Front Cover | Copyright | Table of Contents | Excerpt | Back Cover
Search inside this book:

Sell a Digital Version of This Book in the Kindle Store

If you are a publisher or author and hold the digital rights to a book, you can sell a digital version of it in our Kindle Store. Learn more

Customer Reviews

5 star
0
4 star
0
1 star
0
2.5 out of 5 stars
2.5 out of 5 stars
Most helpful customer reviews
2.0 out of 5 stars Dershowitz's Book is Insipid And Dull Nov. 6 2003
Format:Paperback
For a man as educated and intelligent as Mr. Dershowitz, this was a surprisingly uninteresting and dull account of a very important issue. While I agree with Dershowitz's main tent -- our society has become less responsible in many ways, and that our law is a reflection of that -- his essays were, to put it mildly, insipid and boring. I realize that the mediums that he choose to broadcast his message -- newspapers -- constrain his ability to express his sentiments in all the proper nuance. (For instance, George Will, a respected columnist, writes for general audiences but never hesitates to express his comments in the language such comments deserve).
Also, after you have read one single essay from Mr. Dershowitz, there is absolutely no reason to read another one. Each essay talks about the same subject in almost the same fashion: that the abrogation of responsibility will ultimately result in the end of the rule of law (which requires that we be responsible for our actions) and democracy (which posits that elected officials are ultimately responsible for their actions). I would encourage careful readers to instead look at James Q. Wilson's "Moral Judgment: Does the Abuse Excuse Threaten our Legal System." Wilson's book goes into far more depth on this issue, offering theoretical and practical support for his arguments. Plus, Wilson is far more interesting. : )
Michael Gordon
Los Angeles
Was this review helpful to you?
3.0 out of 5 stars Interesting, but little substance June 5 2003
Format:Paperback
Interesting book, but at length it sounds more like one of the sob stories it purports to outline. It should be made clear that the book is not a book in a traditional sense, in that the thesis is delineated at the introduction but the bulk of the text is composed of short essays. Additionally, it's not entirely clear who the main audience is intended to be.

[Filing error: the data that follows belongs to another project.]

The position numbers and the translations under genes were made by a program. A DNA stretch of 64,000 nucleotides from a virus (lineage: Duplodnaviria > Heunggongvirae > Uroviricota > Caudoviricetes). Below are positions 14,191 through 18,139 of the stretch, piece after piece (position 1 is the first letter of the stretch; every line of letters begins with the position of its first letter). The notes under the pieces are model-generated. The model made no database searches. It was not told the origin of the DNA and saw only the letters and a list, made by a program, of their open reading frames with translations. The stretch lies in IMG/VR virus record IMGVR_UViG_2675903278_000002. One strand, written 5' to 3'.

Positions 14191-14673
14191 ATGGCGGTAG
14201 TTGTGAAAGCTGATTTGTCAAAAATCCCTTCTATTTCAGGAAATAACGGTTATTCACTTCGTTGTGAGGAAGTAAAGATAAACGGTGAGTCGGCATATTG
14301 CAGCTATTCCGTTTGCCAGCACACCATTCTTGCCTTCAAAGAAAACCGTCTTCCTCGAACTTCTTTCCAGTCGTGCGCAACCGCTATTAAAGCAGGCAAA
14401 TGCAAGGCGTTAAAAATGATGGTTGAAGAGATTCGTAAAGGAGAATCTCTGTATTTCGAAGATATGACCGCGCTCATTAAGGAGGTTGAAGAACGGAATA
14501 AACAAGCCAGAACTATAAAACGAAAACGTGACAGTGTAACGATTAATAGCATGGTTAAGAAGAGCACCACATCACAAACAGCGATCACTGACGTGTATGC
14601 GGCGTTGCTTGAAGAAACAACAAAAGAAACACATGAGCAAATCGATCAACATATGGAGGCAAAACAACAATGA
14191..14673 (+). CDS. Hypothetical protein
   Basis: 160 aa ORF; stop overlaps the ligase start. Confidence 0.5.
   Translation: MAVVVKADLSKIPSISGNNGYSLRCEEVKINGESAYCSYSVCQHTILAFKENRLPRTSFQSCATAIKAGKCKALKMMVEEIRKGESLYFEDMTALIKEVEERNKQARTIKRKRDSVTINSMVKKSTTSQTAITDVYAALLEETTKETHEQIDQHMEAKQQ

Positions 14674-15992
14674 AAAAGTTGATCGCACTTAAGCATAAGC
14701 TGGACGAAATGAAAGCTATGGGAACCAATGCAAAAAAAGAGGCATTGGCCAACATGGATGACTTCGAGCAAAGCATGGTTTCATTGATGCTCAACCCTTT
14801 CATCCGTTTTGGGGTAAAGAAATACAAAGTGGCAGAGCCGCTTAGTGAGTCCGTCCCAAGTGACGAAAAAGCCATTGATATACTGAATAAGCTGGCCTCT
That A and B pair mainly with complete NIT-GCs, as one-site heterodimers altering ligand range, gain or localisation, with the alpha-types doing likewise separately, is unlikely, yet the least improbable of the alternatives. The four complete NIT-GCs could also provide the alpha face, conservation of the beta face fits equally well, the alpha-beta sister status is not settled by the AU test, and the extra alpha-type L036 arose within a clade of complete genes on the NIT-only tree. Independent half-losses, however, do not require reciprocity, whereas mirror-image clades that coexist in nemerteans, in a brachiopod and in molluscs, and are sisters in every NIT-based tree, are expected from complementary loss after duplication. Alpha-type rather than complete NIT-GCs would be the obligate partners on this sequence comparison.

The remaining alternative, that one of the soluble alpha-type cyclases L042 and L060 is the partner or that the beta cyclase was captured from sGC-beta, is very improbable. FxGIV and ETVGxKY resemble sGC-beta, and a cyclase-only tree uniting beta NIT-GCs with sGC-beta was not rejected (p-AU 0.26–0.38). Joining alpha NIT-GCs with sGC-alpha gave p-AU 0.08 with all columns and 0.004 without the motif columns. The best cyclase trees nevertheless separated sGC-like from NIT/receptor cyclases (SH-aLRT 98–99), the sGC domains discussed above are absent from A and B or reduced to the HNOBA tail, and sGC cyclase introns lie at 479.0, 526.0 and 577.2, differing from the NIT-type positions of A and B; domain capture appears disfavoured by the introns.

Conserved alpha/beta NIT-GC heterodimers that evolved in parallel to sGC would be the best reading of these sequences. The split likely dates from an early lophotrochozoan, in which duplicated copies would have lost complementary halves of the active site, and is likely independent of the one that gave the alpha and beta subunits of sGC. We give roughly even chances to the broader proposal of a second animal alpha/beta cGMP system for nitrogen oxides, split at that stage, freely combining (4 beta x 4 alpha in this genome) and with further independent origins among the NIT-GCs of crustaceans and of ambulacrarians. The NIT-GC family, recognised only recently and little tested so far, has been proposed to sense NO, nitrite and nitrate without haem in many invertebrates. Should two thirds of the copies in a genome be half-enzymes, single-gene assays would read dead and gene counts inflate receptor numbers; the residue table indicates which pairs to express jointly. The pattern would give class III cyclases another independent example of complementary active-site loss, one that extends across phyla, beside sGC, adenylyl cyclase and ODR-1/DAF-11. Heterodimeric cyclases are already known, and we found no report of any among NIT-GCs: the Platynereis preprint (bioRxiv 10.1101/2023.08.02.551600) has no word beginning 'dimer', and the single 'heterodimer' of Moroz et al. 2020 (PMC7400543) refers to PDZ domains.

While Mr. Dershowitz certainly covers his topic well, less than halfway through the book his argument becomes repetitive and muddled. The controversy he rails against in one section could be used to support reasoning in another.
The author does not go into depth to explain why lawyers or justices take, or do not take, the positions they do. In this sense it is little more than a critique of society and the system. We in the public have been lead to believe that the justice system is adversarial. If so, then it is the responsibility of a good attorney to provide a zealous prosecution of his case - be it prosecution or defense - not necessarily to offer a responsible or truthful conclusion. Mr. Dershowitz does not address this issue. Thus, ultimately there is very little substance to his material.
Was this review helpful to you?
Most Helpful Customer Reviews on Amazon.com (beta)
Amazon.com: 3.1 out of 5 stars  9 reviews
4 of 4 people found the following review helpful
3.0 out of 5 stars Interesting, but little substance June 5 2003
By J. Risse - Published on Amazon.com
Format:Paperback
Interesting book, but at length it sounds more like one of the sob stories it purports to outline. It should be made clear that the book is not a book in a traditional sense, in that the thesis is delineated at the introduction but the bulk of the text is composed of short essays. Additionally, it's not entirely clear who the main audience is intended to be.
While Mr. Dershowitz certainly covers his topic well, less than halfway through the book his argument becomes repetitive and muddled. The controversy he rails against in one section could be used to support reasoning in another.